Below is a final end-of-year letter from Smart Growth America President and CEO Geoff Anderson as he wraps up this year of work and prepares to depart SGA in early 2018.
It’s Geoff here. They tell me don’t bury the lede so here it goes: I hope you’ll give money to Smart Growth America this year—in fact, right now! You can give online right here and it only takes a moment.
I can make you a promise: this is literally the last time I’m going to write you this letter to ask you to donate. As you may have heard, I am stepping down from my post at SGA in early 2018. I’ve had a great ten years here and with your help, we’ve accomplished an incredible amount together.
Over the last decade, I’ve sought to build SGA into a bigger and better organization that would continue doing powerful work for communities and smarter growth long after I’m gone, and to leave the organization as a whole better off than when I joined it. As I step away, I can say with confidence that this is true. SGA has a fantastic staff that will continue and enlarge the organization’s work but their success depends on you, so please donate today.
Why does your help matter so much?
We mainly find funding to do very specific projects with specific activities. But your donations are flexible dollars that we can use to be entrepreneurial and nimble. These dollars are rare and we depend on your donations to be able to respond rapidly to crises and opportunities.
As I prepare to leave my position, it’s hard not to reflect just a little bit on how far we’ve come together.
I started working on these issues in the 1990s. Do you remember the mid-90s? I do, and the conventional wisdom was that cities were dead or dying—it was really just a question of making sure the last ones out turned off the lights. The idea of creating walkable communities? That was a crazy idea that nobody would want in a world built for cars. What about scores of Fortune 500 companies flocking to downtowns and walkable locations, and the death of the office park? Mixed-income communities? Putting different types of housing near each other or mixing in some commercial uses? Building transit to spur investment? Streets built to be safe for everyone? Using the arts as a way to engage residents in producing smarter growth?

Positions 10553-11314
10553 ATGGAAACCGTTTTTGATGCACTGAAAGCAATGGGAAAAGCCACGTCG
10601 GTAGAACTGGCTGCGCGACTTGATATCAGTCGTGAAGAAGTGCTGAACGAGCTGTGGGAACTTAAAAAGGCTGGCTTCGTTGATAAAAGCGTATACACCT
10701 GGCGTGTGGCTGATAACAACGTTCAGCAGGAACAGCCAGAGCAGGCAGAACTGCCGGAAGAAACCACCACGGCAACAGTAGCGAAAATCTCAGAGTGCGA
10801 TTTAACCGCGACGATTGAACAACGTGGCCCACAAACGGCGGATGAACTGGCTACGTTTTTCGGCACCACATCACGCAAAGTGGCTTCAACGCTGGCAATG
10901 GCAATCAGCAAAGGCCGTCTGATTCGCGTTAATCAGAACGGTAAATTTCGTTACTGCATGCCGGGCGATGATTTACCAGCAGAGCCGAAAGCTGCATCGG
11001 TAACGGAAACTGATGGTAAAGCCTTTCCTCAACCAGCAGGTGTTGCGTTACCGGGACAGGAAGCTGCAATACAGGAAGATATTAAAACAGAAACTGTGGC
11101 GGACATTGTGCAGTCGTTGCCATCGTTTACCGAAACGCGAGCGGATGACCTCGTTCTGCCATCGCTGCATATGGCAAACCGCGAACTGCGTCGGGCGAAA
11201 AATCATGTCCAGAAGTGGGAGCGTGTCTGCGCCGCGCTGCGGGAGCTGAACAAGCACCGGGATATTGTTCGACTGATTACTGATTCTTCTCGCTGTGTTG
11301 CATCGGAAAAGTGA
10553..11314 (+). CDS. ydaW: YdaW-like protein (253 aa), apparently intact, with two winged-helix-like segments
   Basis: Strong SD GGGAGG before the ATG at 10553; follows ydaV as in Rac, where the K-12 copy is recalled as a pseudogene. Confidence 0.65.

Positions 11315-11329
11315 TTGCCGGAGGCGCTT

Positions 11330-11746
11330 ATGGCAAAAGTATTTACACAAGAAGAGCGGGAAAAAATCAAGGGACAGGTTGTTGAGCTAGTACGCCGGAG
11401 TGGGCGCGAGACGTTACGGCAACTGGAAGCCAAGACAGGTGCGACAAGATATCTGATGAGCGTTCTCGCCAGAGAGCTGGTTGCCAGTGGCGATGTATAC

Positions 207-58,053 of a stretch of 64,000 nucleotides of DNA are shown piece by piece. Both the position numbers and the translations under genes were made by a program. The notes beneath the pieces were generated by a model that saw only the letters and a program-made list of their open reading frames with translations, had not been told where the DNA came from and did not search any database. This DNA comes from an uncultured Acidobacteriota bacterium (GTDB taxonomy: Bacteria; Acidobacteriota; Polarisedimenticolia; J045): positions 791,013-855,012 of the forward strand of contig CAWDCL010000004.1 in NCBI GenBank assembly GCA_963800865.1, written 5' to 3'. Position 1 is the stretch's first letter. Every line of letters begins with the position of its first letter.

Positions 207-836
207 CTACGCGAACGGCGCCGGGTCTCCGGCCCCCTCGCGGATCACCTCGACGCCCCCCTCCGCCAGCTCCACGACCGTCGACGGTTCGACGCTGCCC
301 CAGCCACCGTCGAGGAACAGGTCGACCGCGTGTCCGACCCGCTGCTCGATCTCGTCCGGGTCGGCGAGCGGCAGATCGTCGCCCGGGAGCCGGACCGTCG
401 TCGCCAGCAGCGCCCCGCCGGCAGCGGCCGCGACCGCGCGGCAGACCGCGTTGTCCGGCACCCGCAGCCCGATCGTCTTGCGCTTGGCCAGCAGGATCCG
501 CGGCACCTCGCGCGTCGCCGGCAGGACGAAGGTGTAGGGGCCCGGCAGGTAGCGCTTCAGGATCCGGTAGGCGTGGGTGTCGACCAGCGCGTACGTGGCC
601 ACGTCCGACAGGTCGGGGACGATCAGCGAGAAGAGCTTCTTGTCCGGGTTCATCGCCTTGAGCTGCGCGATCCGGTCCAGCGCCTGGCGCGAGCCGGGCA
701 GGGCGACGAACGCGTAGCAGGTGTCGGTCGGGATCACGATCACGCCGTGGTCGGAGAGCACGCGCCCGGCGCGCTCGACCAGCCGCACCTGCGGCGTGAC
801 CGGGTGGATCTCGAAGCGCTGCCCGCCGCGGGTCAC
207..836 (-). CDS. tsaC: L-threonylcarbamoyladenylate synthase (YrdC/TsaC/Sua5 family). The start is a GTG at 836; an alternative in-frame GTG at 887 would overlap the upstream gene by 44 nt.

These were all crazy ideas back when I started working on these issues, and making just a small difference felt like a Sisyphean task. Now many of these ideas are not only commonplace and accepted. They have been built and have proven themselves.
We. Have. Come. A. Long. Way. Together. But there’s still more to do.
When I was growing up in Northeast Washington, DC in the 1970s and 1980s, it was hard to imagine getting any investment in the city at all—let alone that a day would come where the city would have a crushing affordable housing problem. That’s now the case in DC and too many other markets. Despite all the positive changes, sprawl certainly still rolls on in many places unabated, chewing up farm and forest land, adding large-lot single family housing to markets already oversaturated with it, and sucking valuable resources out of existing communities to pay for new infrastructure—while existing systems crumble. Deaths of people walking or biking are once again on the rise nationwide and taking a particular toll on the elderly, communities of color, and people without means.
These are intractable problems, until we solve them. The only constant is change: technology changes, the economy changes, and demographics change, creating new challenges, but also new opportunities. That’s why it is so important to have an organization like Smart Growth America around to continue to identify new challenges, find the innovators who are meeting them head-on, spread the word and advocate for policies that help build better lives by building better communities…one block at a time if we must.
I hope you will help SGA continue its mission and grow even stronger by donating today. The organization proves its worth every day with real on-the-ground action. Together, we can do even more in 2018.
Thank you and farewell,